The first chapter focuses on the identity problem. The author employs an explanatory model he christened sense-phenomenalism to defend the thesis that personal identity is something or a phenomenon that pertains to the observable/perceptible aspect of the human person.
The next chapter explores the problem of consciousness. It deploys the new concept equiphenomenalism as a model to show that mental properties are not by-products but necessary products of consciousness. Herein, the notion of qualia is a fundamental and necessary product that must be experienced simultaneously with neural activities for consciousness to be possible.
The last chapter addresses the mind/body problem. It adopts the new concept proto-phenomenalism as an alternative explanatory model. This model eliminates the idea of a mind. As such, it approaches the mind-body problem from a materialistic point of view with many implications such as, the meaning(lessness) of our existence, the possibility of thought engineering as well as religious implications.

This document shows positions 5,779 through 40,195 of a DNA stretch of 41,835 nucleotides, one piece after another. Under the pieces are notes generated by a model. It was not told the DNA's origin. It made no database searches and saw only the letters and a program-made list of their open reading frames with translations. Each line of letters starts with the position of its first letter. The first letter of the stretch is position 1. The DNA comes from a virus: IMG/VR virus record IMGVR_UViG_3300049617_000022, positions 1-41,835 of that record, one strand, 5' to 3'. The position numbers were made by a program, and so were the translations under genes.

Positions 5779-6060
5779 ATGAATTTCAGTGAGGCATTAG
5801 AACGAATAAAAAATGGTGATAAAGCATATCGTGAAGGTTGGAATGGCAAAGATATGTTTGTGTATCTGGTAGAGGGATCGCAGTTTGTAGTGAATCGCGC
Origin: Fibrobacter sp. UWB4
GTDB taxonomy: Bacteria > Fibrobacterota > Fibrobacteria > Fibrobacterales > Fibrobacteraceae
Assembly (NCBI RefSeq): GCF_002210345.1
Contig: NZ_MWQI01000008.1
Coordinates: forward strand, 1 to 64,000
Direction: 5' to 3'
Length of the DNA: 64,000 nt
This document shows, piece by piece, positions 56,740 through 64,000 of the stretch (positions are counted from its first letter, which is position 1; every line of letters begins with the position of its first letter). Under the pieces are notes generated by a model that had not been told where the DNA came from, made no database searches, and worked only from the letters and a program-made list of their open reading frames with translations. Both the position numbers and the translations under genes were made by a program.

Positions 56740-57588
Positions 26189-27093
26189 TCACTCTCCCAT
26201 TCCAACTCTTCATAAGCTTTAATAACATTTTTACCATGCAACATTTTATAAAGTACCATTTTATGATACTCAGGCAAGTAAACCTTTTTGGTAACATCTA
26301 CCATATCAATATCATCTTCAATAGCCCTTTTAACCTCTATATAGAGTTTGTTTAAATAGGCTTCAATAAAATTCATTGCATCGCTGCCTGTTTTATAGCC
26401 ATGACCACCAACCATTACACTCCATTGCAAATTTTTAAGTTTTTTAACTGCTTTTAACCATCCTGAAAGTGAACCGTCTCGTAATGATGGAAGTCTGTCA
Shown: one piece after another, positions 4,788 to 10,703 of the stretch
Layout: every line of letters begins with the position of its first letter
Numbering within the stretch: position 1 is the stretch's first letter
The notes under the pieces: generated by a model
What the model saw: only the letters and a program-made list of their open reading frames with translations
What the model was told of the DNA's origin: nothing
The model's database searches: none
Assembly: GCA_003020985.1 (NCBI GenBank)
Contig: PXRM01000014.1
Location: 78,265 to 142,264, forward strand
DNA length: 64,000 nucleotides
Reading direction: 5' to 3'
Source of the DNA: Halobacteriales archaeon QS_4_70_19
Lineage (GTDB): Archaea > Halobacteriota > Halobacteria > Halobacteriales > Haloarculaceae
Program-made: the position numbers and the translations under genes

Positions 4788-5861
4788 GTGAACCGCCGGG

Jonathan O. Chimakonam Ph.D, is a Senior Lecturer at the University of Calabar and University of Pretoria and a Research Associate at the University of Johannesburg. His teaching and research interests include: African Philosophy, Philosophy of Mind, Logic, Feminism, Environmental Ethics, African feminist thoughts, and Postmodern thought. He aims to break new grounds in African philosophy and Systems of Thought. He has supervised several master’s and doctoral thesis including in the area of philosophy of mind. His articles have appeared in journals such as Ultimate Reality and Meaning, Journal of Global Ethics, Confluence, South African Journal of Philosophy, Thought and Practice, Dialogue: Canadian Philosophical Review, African Studies Quarterly, Ufahamu, Online Journal of Health Ethics, Journal of Pan African Studies, Phronimon, Polylog, Filosofia Theoretica, Dialogue and Universalism, Journal of World Philosophies, Acta Academica, etc. He is author and editor of some books including the award winning Existence and Consolation: Reinventing Ontology, Gnosis and Values in African Philosophy (by Ada Agada), Minnesota: Paragon House, 2015 (CHOICE Outstanding Academic Title Award, 2015); Atuolu Omalu: Some Unanswered Questions in Contemporary African Philosophy (New York Lanham: University Press of America, 2015); African Philosophy and Environmental Conservation (London: Routledge, 2018); African Philosophy and the Epistemic Marginalisation of Women (London: Routledge, 2018, with Louise du Toit); African Philosophy in the Post Modern Era (Delaware: Vernon Press, 2018, with Edwin Etieyibo); The Death Penalty from an African Perspective...(Delaware: Vernon Press, 2017, with Fainos Mangena). He has many book chapters. He is the convener of the professional African philosophy body, The Conversational School of Philosophy (CSP) and the founding editor of Filosofia Theoretica: Journal of African Philosophy, Culture and Religions. He is winner of Jens Jacobsen Research Award for Outstanding Research in Philosophy by the International Society for Universal Dialogue. He is African philosophy Area Editor in the Internet Encyclopedia of Philosophy. He propounded the theories of Conversational thinking and Ezumezu Logic. He is Postgraduate and Undergraduate External Examiner to University of the Witwatersrand, University of Pretoria and University of KwaZulu-Natal in South Africa. He is external Researcher Assessor for South Africa’s National Research Foundation. He is currently collaborating on a manuscript on Conversations between Chinese and African Philosophies with Prof. Keqian Xu of Nanjing Normal University, China. He has in-the-press collaboration with Prof. Uduma O. Uduma on African Philosophy and Feminism; as well as other collaborations with colleagues. Chimakonam is a member of nearly a dozen professional bodies and has given several international conference lectures.